Canal-clearing tube; Friday, August 3, 2012; Lid for a laddie; At maximal maturity

Friday, August 3, 2012

Constructor: Jeff Chen

Relative difficulty: Easium

THEME: none

Word of the Day: Nyala (Antelope with lyre-shaped horns) —
The nyala (Nyala angasii or Tragelaphus angasii), also called inyala,[2] is a South African spiral-horned antelope. It is a species of the family Bovidae and genus Nyala. It is also considered to be in the subgenus Tragelaphus. It was first described in 1849 by George French Angas. The body length is 135–195 cm (53–77 in), and it weighs 55–140 kg (120–310 lb). It is the most sexually dimorphic among the spiral-horned antelopes.[3]
[from wiki]
• • •
Hello, Rexworld. Rex is away a little longer. This is treedweller, relieved to finish today's puzzle so I can get the completed grid up for all you cheaters. I finished, which means it can't be that hard (for a Friday), but I had some slow going for awhile, so I think it tends toward medium difficulty. I will be back tomorrow, so the chances are good you will get a grid that I had to steal from someone else. Two complete weekend puzzles in a row is a rarity for me.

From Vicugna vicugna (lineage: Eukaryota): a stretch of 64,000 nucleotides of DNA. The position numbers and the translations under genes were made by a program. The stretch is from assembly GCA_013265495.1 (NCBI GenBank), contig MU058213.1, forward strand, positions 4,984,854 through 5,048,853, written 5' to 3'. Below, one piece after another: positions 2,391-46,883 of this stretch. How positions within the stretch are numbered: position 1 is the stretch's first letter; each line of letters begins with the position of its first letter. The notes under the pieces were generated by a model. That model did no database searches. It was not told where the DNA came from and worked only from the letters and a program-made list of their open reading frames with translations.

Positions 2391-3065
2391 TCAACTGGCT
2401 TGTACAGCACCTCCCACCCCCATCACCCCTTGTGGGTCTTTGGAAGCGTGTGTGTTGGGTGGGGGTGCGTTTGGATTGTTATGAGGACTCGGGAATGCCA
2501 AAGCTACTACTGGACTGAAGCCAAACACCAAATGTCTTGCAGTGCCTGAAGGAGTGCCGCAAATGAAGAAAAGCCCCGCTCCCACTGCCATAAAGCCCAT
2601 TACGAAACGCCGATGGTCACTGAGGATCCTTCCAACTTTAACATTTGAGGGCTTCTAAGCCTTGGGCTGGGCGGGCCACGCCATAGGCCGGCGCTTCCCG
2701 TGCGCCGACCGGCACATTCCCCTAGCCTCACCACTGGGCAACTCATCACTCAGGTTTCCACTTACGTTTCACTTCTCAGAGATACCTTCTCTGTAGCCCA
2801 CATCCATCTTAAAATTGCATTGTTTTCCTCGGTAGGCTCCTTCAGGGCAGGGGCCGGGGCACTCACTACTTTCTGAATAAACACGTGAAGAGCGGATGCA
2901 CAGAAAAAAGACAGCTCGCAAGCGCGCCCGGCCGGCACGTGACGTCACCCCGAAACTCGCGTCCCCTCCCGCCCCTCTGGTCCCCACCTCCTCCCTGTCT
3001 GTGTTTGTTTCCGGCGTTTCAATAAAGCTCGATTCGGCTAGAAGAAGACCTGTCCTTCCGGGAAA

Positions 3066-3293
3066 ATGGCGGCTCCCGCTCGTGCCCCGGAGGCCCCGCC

And now, a musical interlude from the great 40A Anita of song (O'Day):

False starts in several areas made early progress slow and sporadic, I had "dresses" for (38A Prepares) GETS SET. I had "earnED" for (7D Brought home) NETTED. I had lAtESHOW for (37D One may follow the news) GAMESHOW. I had "Dem" for (32A Letters after Sen. Charles Schumer's name) D-NY. This last was particularly vexing to me because I knew I needed to get AS YET in there for 25D Hitherto but could not figure out how to get that 'Y' to work (despite having seen this type of clue many times before). I also assumed the 9D [Like much] flatware was going to be ____ed, thus the dresses. Eventually, a few old standbys (SNERD, TATE, AESOP, TERESA) and a few lucky guesses on long answers got me each corner in succession.